6 This introduction will take a look at a number of relevant publications thematically in order to present a coherent picture of what is currently known about topic effects on L1 and L2. writing. Topic effect on L1 essay evaluations By far most investigations of the effect of particular topics on essay ratings have been carried out by individual researchers in their respective colleges and universities in connection with institutional assessments of students'. writing quality. A number of large-scale studies with hundreds or even thousands of essays examine the impact of such characteristics of writing prompts as specific wording, informational content, and amount of detail ( a phrase or a full paragraph), and topic personalization or depersonalization ( Brossell, 1983; Brossell and Ash, 1984; Freedman, 1981; Hoetker, 1982; Hoetker and Brossell, 1989).
7 Practically all these studies report no significant differences in the scores assigned to essays written to prompts with varied wording, a minimal or an expanded amount of information, or varied extent of personalization. In an influential overview of the research published between 1975 and 1990 in direct assessment of NS L1 writing, Huot (1990) concludes that research has not established a clear-cut relationship between the type of written discourse produced for assessment and writing quality. On the other hand, Brown et al. (1991) report statistically significant differences in the ratings of essays written in response to topics based on readings with varied levels of complexity.
8 Unfortunately, these authors do not provide any information on the topics of readings or the specifics of the essay prompts to explain the reasons for the differences in the ratings. Based on the study results, Brown et al. (1991) emphasize that it is not possible to tell whether the difference resides primarily with writers or readers,'' or how, in fact, prompts make a difference in the quality of student writing (p. 547). The authors comment that it is quite possible that we will never be able to map variables in ways that will allow us to understand fully how prompts affect writers'' or readers. In addition to the scoring of essays in institutional assessments, significant topic effects have also been identified in the scoring of L1 writing on the standardized tests administered by the College Entrance Examination Board (Pomplun et al.)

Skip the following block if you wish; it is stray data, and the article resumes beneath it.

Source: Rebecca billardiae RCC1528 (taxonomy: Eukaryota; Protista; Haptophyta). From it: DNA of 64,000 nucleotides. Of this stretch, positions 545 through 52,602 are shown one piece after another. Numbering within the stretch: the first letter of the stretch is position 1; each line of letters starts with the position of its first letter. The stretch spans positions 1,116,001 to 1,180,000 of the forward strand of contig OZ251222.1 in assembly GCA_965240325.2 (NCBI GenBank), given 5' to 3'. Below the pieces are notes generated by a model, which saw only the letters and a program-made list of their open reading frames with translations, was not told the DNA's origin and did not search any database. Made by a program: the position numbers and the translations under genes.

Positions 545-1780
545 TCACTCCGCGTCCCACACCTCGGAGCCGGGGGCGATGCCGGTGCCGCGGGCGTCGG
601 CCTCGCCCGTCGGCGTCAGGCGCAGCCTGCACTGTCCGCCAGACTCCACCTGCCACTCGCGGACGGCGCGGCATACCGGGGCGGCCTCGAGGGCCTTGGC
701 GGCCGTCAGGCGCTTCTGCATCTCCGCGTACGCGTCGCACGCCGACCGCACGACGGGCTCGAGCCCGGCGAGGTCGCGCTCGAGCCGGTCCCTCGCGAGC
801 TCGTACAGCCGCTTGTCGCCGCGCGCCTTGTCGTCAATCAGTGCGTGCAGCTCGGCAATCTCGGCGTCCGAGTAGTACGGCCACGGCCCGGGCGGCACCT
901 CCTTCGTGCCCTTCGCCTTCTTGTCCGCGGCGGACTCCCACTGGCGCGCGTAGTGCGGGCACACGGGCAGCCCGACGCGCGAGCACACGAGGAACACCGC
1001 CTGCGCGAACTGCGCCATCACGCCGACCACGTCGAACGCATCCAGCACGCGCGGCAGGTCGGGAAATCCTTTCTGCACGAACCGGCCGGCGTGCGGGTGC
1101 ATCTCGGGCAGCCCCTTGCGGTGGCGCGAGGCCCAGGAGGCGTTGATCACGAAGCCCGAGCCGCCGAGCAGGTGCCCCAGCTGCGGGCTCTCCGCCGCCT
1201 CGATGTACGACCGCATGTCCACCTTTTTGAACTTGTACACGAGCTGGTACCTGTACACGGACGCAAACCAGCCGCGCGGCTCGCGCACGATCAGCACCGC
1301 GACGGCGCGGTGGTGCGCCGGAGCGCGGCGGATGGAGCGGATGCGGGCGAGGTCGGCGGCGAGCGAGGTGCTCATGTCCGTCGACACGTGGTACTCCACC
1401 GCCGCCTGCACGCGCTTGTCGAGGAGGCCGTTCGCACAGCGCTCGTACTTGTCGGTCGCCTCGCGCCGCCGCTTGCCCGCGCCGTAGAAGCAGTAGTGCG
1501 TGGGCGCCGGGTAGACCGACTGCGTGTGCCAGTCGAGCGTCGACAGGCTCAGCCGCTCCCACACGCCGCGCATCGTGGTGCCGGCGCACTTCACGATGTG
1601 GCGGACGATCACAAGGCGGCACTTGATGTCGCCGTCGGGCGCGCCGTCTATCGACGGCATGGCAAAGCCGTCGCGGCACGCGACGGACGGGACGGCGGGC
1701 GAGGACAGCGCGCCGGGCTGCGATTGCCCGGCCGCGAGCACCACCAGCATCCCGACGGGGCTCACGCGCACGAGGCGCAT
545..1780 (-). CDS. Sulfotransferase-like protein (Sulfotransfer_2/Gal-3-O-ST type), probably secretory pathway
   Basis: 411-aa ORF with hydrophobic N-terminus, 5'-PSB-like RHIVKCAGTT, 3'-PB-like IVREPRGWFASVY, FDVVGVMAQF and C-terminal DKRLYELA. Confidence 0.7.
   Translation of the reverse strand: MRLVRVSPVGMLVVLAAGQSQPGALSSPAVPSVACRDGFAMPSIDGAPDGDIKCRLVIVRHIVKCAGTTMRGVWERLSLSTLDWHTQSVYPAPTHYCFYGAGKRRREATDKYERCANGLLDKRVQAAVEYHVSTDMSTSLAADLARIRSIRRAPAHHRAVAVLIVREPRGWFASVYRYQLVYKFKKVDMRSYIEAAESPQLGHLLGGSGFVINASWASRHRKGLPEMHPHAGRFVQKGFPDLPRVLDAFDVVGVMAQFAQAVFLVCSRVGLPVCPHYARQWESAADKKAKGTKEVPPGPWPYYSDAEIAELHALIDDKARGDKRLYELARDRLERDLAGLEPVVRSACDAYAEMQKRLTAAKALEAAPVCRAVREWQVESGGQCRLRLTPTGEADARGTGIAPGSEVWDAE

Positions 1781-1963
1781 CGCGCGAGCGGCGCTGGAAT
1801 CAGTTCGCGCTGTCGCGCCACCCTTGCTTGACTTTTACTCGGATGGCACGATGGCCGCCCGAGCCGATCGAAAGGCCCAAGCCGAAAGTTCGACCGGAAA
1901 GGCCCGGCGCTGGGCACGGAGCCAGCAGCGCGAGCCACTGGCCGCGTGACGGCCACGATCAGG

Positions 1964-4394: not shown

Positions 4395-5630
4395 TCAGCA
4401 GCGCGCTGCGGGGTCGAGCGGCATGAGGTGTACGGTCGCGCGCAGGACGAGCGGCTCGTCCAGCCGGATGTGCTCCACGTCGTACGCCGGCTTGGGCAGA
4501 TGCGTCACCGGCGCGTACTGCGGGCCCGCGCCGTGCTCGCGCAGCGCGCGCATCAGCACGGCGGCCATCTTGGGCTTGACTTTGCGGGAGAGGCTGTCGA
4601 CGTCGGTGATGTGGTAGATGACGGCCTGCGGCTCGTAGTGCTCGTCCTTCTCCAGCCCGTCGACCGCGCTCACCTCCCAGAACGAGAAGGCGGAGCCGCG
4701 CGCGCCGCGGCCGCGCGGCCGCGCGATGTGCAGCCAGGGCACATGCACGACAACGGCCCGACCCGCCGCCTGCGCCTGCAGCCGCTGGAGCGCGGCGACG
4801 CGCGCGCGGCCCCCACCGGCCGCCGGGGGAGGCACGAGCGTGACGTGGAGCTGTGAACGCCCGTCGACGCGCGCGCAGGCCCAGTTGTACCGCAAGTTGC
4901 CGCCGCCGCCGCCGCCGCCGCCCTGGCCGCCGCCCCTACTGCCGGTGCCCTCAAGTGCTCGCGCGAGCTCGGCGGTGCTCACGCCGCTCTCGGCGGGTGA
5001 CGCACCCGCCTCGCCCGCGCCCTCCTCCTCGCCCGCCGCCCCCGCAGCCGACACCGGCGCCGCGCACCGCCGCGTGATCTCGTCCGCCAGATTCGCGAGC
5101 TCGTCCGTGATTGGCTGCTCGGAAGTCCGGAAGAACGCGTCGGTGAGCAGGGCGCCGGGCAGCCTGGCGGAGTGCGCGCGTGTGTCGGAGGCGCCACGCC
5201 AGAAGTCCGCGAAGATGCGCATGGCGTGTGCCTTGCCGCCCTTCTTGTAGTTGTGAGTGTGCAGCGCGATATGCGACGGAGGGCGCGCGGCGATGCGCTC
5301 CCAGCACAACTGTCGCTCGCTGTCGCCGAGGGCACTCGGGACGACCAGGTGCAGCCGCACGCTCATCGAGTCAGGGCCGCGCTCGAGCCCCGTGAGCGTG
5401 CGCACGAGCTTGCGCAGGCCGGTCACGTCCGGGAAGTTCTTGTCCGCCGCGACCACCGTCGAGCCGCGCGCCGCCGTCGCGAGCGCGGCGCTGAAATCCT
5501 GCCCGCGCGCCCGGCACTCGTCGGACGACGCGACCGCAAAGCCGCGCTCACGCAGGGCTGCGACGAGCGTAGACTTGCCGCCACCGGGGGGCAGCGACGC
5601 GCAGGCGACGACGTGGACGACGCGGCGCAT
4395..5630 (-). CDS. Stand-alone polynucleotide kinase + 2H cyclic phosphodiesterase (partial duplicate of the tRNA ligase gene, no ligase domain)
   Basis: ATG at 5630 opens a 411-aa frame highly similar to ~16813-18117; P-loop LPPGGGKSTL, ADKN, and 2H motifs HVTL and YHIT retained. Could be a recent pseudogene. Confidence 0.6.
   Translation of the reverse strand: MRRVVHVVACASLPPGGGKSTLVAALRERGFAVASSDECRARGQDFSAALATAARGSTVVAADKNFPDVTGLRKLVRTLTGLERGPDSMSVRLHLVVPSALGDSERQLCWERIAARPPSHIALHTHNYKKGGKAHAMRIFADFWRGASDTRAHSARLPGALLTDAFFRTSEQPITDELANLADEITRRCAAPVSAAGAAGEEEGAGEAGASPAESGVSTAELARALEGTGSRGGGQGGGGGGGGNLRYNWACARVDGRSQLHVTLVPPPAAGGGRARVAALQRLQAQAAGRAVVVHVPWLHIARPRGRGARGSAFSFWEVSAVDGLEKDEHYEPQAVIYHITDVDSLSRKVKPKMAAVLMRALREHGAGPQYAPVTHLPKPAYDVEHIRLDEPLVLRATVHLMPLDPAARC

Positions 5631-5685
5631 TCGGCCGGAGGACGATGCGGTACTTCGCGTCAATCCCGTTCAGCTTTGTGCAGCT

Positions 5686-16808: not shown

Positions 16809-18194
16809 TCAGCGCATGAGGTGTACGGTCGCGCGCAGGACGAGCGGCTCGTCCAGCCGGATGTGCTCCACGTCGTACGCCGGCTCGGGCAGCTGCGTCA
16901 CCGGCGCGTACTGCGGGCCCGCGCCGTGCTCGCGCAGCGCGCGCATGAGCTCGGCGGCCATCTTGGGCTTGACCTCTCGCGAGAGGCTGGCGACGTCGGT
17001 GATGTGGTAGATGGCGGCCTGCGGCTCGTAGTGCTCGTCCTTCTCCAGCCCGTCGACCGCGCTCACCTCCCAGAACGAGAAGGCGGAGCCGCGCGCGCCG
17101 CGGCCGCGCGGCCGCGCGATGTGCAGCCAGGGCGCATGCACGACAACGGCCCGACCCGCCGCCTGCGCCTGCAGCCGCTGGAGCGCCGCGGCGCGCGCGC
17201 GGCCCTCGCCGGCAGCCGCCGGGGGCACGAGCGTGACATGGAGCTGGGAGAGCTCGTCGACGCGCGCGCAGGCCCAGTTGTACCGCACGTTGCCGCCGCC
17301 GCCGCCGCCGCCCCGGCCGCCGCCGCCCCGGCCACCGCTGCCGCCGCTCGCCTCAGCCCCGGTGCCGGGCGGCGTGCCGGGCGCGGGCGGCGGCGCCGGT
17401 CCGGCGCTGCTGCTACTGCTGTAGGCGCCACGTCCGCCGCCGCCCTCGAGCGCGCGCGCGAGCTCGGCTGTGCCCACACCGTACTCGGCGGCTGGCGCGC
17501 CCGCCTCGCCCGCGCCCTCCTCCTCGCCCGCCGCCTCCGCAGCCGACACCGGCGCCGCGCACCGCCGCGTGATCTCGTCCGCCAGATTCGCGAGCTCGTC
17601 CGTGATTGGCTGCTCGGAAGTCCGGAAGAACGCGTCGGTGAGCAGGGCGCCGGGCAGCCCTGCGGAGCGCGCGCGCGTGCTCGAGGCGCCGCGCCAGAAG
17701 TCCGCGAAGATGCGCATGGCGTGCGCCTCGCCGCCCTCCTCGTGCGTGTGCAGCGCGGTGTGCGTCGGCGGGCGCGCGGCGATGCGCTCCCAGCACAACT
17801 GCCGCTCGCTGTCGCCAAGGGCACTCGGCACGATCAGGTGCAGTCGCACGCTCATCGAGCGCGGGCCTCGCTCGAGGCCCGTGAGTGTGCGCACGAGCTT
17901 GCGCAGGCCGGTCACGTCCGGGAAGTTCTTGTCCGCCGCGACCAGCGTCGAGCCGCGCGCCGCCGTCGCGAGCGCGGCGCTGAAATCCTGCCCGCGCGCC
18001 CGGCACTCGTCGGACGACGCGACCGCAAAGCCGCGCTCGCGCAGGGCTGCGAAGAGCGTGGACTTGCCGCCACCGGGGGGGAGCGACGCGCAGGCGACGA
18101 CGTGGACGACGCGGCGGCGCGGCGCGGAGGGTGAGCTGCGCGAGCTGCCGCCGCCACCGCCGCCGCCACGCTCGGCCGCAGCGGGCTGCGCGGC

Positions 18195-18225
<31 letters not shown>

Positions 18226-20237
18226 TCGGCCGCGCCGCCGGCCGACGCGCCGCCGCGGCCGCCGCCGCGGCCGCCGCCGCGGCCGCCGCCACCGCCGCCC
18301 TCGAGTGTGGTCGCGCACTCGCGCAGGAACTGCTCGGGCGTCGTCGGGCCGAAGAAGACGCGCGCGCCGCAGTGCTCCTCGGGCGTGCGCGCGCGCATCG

9 , 1992). A detailed study of essay prompts on the English Composition Achievement Test showed different levels of difficulty and cultural bias in essay topics . For example, of the seven topics administered by the College Board, two were shown to disfavor ethnic Asian and Hispanic writers. The authors conclude that the topic of heroes and values may have favored groups more familiar with cultural values'' (p. 9), as well as the combination of an abstract topic with an ironic tone may have caused differential performance for those with lower language skills''. (p. 17). To address the issues of score reliability in large scale writing assessment, Breland et al. (2004) carried out an examination of the scores of SAT II essays written by a total of 2400 students in four ethnic groups: African Americans, Asian Americans, Hispanics, and whites.
10 One third of the entire cohort consisted of ESL writers, but unfortunately, the report does not provide the linguistic breakdown for this group. The study of essay scores found that the essays of African American students written on one of the four prompts received significantly higher scores than those on the other prompts. On the other hand, ESL writers performed worst on this prompt'' (p. 6). Regrettably, the researchers were not able to identify the reasons for these disparities in the essay scores: it is not clear why the African American group performed better on prompt A1 than on the other three prompts.'' According to Breland et al., because there was no indication that African American students who received this particular prompt were of higher ability'' and because this anomaly occurred within both genders of African American students, it would not appear to be due to sampling error'' (p.)